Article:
San Francisco, CA — A man accused of choking and threatening a friend he suspected of stealing his change from a beer purchase has been acquitted of all charges, San Francisco Public Defender Jeff Adachi announced today.

Jurors deliberated only 45 minutes Tuesday before finding 52-year-old Michael Rios not guilty of assault with force likely to produce great bodily injury, battery resulting in serious bodily injury, and criminal threats. If convicted, Rios faced up to two years in county jail, said his attorney, Deputy Public Defender Hien Nguyen.

Rios and the complaining witness, a 27-year-old man, were friendly neighbors in a Tenderloin hotel. On Feb. 2, they were socializing and drinking beer with a third man in Rios’ room. Around 5 p.m., Rios gave the younger man his ATM card and pin, instructing him to withdraw cash and buy the trio more beer.

When he returned with less change than anticipated, Rios accused his neighbor of violating the “I’ll buy if you fly” code of beer runs by stealing his cash, Nguyen said. An argument ensued and the man left.

Later, the complaining witness reported to police that Rios choked him and threatened him with a knife. He was taken to the hospital and given pain medication. Officers arrested Rios a short time later as he walked his dog.

During the three day trial, Nguyen exposed wild inconsistencies in the complaining witness’ story.

The man told responding officers that Mr. Rios choked him twice and pointed a knife at him. The next day, he told a sergeant by phone that he never saw a knife, but that Mr. Rios choked him a dozen times while threatening to stab him, Nguyen said. The man also waffled on whether the attack occurred inside Rios’ room or in the hall, and he appeared unclear on whether the third man was present.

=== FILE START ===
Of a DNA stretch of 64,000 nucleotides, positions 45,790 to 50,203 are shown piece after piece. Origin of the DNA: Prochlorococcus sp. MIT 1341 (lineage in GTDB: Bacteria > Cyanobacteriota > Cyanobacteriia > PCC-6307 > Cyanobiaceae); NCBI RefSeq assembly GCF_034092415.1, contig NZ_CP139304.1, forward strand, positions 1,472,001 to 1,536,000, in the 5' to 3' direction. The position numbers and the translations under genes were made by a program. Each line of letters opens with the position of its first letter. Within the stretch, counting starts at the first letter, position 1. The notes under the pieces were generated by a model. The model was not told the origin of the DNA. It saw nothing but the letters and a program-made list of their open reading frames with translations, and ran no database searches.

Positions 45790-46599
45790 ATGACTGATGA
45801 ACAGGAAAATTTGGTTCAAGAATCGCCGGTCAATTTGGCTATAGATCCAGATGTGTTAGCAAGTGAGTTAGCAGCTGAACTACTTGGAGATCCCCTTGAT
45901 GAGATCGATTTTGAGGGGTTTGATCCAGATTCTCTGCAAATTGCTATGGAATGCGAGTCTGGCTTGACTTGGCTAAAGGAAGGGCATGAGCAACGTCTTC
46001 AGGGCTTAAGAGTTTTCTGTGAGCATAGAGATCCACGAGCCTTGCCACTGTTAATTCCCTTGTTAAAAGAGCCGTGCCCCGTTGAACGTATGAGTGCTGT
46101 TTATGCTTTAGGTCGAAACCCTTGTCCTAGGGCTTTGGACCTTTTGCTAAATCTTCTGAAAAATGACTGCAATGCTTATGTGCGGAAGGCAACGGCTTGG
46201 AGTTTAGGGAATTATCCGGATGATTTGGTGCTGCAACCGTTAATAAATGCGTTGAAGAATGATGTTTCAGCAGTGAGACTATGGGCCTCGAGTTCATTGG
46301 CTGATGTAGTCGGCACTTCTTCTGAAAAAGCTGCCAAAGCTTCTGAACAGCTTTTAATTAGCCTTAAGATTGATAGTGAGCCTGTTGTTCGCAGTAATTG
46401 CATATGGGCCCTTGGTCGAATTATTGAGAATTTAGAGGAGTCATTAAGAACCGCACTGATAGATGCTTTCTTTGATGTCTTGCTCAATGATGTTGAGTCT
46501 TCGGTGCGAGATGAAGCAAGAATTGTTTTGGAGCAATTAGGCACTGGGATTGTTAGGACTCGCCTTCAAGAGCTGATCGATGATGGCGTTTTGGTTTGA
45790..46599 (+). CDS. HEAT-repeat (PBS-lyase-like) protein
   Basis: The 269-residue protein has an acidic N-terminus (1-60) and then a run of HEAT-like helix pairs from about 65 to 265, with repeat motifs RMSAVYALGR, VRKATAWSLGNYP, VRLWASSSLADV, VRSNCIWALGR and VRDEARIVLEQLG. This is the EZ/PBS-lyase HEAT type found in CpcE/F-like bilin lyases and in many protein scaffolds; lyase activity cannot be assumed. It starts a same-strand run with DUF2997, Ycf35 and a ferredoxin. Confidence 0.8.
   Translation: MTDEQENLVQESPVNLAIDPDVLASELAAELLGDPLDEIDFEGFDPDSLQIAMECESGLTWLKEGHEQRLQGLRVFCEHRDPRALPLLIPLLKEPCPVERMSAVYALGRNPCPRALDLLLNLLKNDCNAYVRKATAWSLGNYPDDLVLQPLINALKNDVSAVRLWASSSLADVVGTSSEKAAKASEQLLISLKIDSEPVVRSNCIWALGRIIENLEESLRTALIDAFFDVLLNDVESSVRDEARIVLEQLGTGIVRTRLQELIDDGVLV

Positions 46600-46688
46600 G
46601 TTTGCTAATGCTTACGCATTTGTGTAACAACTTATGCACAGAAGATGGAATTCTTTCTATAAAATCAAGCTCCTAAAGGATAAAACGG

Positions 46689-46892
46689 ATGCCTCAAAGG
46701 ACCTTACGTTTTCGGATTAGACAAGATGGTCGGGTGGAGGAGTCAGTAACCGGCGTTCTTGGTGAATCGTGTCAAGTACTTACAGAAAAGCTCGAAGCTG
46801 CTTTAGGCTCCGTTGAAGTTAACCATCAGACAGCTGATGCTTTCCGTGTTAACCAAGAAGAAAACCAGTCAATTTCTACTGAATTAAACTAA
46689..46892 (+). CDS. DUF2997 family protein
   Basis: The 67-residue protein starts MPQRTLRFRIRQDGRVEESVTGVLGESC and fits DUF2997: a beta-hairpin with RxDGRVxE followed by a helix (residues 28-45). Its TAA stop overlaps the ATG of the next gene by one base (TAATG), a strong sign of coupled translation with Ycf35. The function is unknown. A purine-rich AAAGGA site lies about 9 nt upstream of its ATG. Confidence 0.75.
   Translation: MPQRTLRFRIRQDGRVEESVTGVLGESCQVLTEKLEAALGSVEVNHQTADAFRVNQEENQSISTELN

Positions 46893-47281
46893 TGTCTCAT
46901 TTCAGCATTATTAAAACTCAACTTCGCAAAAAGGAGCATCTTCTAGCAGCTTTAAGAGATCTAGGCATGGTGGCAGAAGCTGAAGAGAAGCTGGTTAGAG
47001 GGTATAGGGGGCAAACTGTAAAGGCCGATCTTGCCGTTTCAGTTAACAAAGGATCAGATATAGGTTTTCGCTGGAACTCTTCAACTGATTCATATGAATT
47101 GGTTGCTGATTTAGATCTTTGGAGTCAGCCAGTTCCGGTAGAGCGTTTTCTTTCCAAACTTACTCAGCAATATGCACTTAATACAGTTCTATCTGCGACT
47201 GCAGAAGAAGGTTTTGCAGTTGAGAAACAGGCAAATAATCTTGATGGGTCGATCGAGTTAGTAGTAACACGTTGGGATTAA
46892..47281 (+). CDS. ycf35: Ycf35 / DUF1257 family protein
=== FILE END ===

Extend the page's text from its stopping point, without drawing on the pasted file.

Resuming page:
Surveillance cameras in the hotel hallway did not show an attack, and the third man present in the room told officers he did not witness any violence, Nguyen said.

The complaining witness testified that he had redness and bruising on his neck and suffered from hoarseness after the attack, however the injuries were not apparent in photos viewed by jurors, Nguyen said.

The officer who arrested Rios testified that Rios seemed confused that he was being handcuffed rather than the man who allegedly stole his money.

“The complaining witness simply was not credible,” Nguyen said. “Mr. Rios may have trusted him with his ATM card, but the jury could not trust his testimony.”

Adachi said the case illustrated the importance of the presumption of innocence.

“Mr. Rios was arrested on a mere accusation that wasn’t backed up by evidence,” Adachi said. “Fortunately, his public defender was able to prove his innocence and Mr. Rios can now get on with his life.”